This Off-The-Grid Escape Is Scotland's Most Eco-Friendly Island Full Of Stunning Scenery

Travelers looking for an off-the-beaten path destination where they can immerse themselves in rugged natural beauty, enjoy farm-to-table dining, and support sustainability should head to the remote Isle of Eigg, located off of mainland Scotland's western coast. It was the first community in the world to be completely self-powered with renewable energy from sunshine, water, and wind. It is not connected to the mainland power grid and instead relies on a combination of solar power, hydroelectric generators, and wind turbines.

It's hard to believe a place like the Isle of Eigg exists in a world that sometimes feels like a giant mindless machine designed to extract resources and maximize profits without any concern for environmental and social welfare. For many residents and visitors, Eigg represents an alternative way of life — one that relies on community, connection, and harmony with the natural world. The Utopian-like island only exists due to the locals' hard-fought battle to gain ownership over their land. The Isle of Eigg is more than just a beautiful sustainable tourism destination — it's a revolutionary example of how community, direct democracy, and determination can change the world for the better.

About 100 people live on the island and thousands of tourists visit each year. You can sleep in accommodations like glamping pods and cottages, go hiking, bike around the island, kayak, and wander deserted beaches. It's an ideal destination for eco-conscious adventurers. A visit to the Isle of Eigg directly supports a community dedicated to living harmoniously with nature.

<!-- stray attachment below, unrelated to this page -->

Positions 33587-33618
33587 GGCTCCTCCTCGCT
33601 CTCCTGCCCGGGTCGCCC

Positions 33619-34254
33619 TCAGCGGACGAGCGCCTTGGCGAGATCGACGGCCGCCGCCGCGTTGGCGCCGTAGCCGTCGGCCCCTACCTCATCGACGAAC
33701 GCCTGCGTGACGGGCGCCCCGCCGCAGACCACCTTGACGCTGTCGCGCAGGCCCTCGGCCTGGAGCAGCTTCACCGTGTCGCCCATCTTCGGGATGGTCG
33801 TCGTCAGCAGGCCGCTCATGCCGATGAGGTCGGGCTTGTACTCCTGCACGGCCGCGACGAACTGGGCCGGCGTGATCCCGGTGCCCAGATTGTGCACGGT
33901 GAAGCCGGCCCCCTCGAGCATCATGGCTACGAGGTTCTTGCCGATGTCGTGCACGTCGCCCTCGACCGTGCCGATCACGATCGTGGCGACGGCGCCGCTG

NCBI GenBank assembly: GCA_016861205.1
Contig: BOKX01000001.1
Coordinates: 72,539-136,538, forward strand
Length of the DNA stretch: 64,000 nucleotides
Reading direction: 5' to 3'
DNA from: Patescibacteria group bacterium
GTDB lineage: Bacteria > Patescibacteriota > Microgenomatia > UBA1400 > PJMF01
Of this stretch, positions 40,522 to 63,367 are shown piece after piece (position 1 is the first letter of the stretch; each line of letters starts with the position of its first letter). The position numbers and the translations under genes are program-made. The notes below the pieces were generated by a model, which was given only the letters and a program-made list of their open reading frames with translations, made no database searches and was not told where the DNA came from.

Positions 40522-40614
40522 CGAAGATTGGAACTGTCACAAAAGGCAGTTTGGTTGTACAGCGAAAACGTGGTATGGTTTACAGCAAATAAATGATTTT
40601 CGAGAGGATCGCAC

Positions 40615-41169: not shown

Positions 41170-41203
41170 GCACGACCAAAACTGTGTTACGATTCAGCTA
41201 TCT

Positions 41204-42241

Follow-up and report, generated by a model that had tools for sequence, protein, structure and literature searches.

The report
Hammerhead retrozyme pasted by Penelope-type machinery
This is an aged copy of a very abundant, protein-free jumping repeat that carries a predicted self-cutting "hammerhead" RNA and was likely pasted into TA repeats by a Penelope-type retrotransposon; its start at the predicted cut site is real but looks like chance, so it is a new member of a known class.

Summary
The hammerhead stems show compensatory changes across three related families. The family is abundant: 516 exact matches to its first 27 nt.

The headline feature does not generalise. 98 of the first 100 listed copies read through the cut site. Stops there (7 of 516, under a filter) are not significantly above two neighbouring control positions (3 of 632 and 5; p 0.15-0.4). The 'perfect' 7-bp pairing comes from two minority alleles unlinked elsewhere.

The history of Scotland's resident-owned island

The Isle of Eigg is located in a group of islands called the Inner Hebrides. The islands have been inhabited for thousands of years, being settled by Vikings, Picts, and early Christians. Legends tell of a group of fierce Pictish warrior women who once resided on An Sgùrr, the island's highest peak. In the late 1500s, the island was inhabited by members of the MacDonald clan, all of whom were brutally killed while hiding in a cave from a rival clan.

In more recent history, the island was owned by a wealthy landlord. Locals claimed the owner of the island was neglectful and that there was no security on the island. There was no electricity, no running water, and residents weren't permitted to perform necessary renovations on their homes — and the population was dwindling. When the island came up for sale in 1996, residents began fundraising in order to purchase the island. Thanks to their efforts, and the generous donation of a mystery woman whose identity remains a secret, they were able to buy the island in 1997.

In 2008, the renewable energy electricity plan went into effect. The locals prioritized maintaining micro-farming industry on the island with the goal of eventually achieving full food self-sufficiency. Vegetables are grown in fields and greenhouses, and farmers raise livestock like chickens and sheep.

Planning your trip to Isle of Eigg

Reaching the island requires a little planning. First, you'll have to journey into the Scottish Highlands to the port cities of either Mallaig or Arisaig, and take a ferry boat for about an hour. No outside vehicles are allowed on the island, and there is only one taxi driver. Most visitors choose to walk or bike.

There are a variety of guesthouses available for rent on the island, but the islanders are committed to avoiding over-tourism, so you'll want to make reservations well in advance if you plan to stay for a few days. Airbnb is the best place to look for places to stay, and you can find options for around $100 per night.

There are a few local businesses on the island. You can buy groceries to cook your own meals at the Isle of Eigg Shop. Grab a casual bite at Galmisdale Bay Cafe & Bar, or sit down for a nice multi-course meal with gorgeous views at Lageorna. The Isle of Eigg Brewery creates delicious craft beers. All restaurants prioritize using local ingredients whenever possible. You can purchase soaps and other locally crafted goods at the Lichen honesty shop. Throughout the summer months, you may be able to catch local musicians playing traditional Scottish tunes around town, but other than that, life is pretty quiet on the Isle of Eigg. It's the perfect place to relax and unplug in the beautiful country of Scotland.